Wednesday, July 29, 2009

Active Learning

Though i have never had the desire to be a teacher, i did work at a childcare centre for two years. Though the experience did nothing to persuade me to change my mind, it made me realise the importance of having a learning plan, and being able to capture children's attention and hold it. This is the same for primary school students, high school students and university students. People have to be involved in whatever they're learning or nothing will be retained and the desire to learn wil be lost.
Also, i am not naive enough to believe that the learning and teaching will stop at university; any job that i go into i will have to learn how to do what i'm supposed to and be the best i can be. i may even eventually have to teach others.

To be able to teach others it is good to have an understanding of the different ways that people learn; these are called learning styles. The three most common types of learning styles are Visual, Auditory and Kinaesthetic. Visual learners learn the best through watching and viewing, Auditory learners learn the best through listening and hearing things, and Kinaesthetic learners learn the best through hands on participation.
It is possible to be more than one of these types of learners, a person is not necessarily restricted to one learning style; i myself am a Visual and a Kinaesthetic learner. i've found that just listening to someone talk makes me lose interest and i tend to drift into my own little dream world, but when i have something to read or look at, or when i have to participate in an activity i manage to retain the information.

A lot of the time it is hard to cater for all the learning types in a single lesson. i remember when i worked at the Childcare Centre it was hard to have activities that keep the children interested because their attention spans were small, especially if they became disinterested. However because they were as young as 3 or 4, the activities didn't have to be based around anything intensly difficult, which made it easier to have activities that catered to the learning styles; for example, there could be painting (visual/kinaesthetic) and reading a story (auditory) and a singing/dancing game (visual/auditory/kinaesthetic).
I also taught a few lessons at a primary school for some experience, and the difference was quite big. These kids were not so easily amused and they lost interest easily, especially if their learning style wasn't being utilised. it was far more difficult to cater to these older students than to the younger ones of the Childcare Centre.

The idea that technology can help all students actively engage in the content and learn better is one that i agree with. There are unlimited rescourses available to teachers that will enable them to incorporate technology into their lessons. Getting the children to create a simple power point presentation allows them to work together and incorporate text, pictures, music and anything else that they want, anything that appeals to their interests and their particular learning style.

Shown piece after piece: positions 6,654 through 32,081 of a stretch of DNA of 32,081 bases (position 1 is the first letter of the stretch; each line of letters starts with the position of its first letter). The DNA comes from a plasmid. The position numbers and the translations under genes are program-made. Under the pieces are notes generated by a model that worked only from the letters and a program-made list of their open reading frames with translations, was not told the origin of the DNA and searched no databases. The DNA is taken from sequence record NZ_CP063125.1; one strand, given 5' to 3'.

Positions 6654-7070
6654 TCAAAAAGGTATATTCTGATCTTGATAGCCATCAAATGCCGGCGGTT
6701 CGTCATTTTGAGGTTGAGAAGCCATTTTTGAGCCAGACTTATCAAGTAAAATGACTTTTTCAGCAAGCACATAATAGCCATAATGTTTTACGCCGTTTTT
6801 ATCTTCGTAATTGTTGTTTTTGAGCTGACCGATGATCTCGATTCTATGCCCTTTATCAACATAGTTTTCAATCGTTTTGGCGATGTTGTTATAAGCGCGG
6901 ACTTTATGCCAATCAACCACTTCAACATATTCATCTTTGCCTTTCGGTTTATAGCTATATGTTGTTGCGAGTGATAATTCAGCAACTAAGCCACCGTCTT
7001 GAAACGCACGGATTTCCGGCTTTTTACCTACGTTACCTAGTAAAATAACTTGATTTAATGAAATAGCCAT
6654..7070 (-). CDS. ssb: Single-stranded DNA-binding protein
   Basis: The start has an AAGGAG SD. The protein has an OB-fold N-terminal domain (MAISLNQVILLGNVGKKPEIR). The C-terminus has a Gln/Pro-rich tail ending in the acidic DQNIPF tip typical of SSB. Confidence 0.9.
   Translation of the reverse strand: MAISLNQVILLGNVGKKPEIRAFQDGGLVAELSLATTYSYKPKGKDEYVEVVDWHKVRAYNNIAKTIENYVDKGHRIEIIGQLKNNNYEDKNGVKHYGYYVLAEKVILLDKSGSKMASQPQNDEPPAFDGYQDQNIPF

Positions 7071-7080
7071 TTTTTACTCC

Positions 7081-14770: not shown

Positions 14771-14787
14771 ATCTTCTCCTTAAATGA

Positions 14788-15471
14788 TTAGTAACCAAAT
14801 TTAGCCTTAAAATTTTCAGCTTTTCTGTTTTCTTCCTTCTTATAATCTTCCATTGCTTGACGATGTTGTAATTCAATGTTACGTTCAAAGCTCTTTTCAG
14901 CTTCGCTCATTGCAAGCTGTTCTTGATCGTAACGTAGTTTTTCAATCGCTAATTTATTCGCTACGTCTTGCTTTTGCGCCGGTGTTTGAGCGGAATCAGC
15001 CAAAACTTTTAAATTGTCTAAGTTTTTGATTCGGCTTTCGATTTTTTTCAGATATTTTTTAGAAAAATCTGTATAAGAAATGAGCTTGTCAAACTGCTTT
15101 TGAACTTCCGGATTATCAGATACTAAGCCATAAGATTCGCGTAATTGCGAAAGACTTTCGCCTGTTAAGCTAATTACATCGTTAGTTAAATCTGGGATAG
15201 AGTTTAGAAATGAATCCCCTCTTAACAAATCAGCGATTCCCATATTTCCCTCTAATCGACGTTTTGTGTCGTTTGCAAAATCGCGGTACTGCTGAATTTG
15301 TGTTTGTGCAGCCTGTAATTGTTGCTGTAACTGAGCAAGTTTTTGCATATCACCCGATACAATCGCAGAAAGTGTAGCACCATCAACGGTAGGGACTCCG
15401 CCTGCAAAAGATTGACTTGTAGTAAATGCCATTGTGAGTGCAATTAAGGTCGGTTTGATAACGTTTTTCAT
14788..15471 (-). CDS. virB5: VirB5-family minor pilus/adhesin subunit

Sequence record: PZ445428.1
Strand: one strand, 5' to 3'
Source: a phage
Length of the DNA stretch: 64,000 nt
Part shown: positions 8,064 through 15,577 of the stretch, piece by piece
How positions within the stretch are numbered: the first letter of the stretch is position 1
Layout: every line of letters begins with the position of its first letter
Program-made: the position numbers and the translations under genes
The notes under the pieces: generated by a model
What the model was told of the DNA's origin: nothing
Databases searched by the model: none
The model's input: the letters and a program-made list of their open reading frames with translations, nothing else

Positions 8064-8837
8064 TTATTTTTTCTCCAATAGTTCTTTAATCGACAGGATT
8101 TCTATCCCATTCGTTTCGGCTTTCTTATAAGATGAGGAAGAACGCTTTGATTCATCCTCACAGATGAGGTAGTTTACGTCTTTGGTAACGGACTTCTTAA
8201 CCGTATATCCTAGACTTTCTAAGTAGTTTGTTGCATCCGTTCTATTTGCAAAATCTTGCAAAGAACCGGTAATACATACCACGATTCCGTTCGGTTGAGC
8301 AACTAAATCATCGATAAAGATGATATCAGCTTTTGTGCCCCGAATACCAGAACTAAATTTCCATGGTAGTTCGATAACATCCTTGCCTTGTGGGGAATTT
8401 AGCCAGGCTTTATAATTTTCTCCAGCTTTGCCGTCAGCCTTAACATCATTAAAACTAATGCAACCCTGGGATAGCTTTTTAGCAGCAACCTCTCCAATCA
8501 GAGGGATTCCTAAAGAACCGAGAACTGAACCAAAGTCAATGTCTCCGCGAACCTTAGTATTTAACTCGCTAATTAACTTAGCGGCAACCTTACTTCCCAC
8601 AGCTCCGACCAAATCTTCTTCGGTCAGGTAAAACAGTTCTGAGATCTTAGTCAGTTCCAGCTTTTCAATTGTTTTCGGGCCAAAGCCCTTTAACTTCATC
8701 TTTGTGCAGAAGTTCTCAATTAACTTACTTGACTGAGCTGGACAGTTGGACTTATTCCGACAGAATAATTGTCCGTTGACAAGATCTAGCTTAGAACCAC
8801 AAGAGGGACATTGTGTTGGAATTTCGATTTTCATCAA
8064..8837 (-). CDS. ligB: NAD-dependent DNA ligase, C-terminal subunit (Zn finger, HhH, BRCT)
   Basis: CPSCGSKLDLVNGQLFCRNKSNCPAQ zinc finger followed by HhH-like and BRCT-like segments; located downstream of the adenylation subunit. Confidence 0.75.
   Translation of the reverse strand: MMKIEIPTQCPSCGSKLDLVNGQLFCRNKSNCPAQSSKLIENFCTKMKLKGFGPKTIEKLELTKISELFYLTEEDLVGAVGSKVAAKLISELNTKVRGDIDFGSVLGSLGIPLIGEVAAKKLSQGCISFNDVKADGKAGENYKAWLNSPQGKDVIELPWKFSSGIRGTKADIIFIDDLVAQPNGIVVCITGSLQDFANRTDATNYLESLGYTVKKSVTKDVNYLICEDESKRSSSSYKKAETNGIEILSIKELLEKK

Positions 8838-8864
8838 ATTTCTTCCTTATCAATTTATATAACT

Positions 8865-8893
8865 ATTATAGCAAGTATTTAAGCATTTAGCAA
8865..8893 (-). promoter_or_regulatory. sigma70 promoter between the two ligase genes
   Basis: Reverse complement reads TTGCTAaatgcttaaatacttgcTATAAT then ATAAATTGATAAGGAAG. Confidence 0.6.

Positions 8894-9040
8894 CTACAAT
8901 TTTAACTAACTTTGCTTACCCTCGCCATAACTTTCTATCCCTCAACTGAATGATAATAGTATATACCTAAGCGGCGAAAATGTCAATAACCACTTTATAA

Technology is continuously advancing, along with it opportunities for teachers and students to take advantage and benefit from the many programs that will help students be actively involved in their learning.


Kearsley, G. (1997). The Virtual Professor: A Personal Case Study. [ ]


Netiquette is not a word that i was familiar with, in fact i had never heard the word before in my life. However after reading about it on Moodle and other websites, i discovered that i did have some understanding of what it was, without even realising it. Though i'm no expert, after scoring a surprising 70% in the netiquette quiz, i realised there were still quite a few things that i did not know.

This made me think about how many others had actually ever heard of netiquette, or if they even thought there were manners for the internet? Of course then i had to think about people's perceptions about the whole thing. The question is not 'do people know about Netiquette?' it's more like 'what does Netiquette mean to different people?'

Does everyone interpret words or sentences in capital letters as someone shouting? Or do they perceive it as something important, or a warning, or excitement? When
i read an email i have to think about the context that the words or sentence is in, also i have to look at who wrote it.

So this begs the question, do people really take offense to messages that don't follow the Netiquette guidelines? I personally don't. Many people don't realise that they could unintentionally be insulting somebody, and i keep that in mind when reading an email.

Netiquette is good information to have for the future however, especially for the work place. Work related emails to colleagues are not the kind of things you want to be unintentionally insulting, or rude. Though it is safe to say that people will read what they want to read and interpret however they see it.
Whether it is fair for people to take offense to people who don't know better or not, Netiquette will never be cut and dry.

Wednesday, July 22, 2009


Hi All,

This is my first posting, two weeks later but better late than never! I am 18 years old, currently studying a Bachelor of Arts, leaning towards creative writing. I am not very computer literate so it's a small miracle that I've worked this out at all!

Hopefully i can figure all this out and meet the course requirements!

Happy Blogging!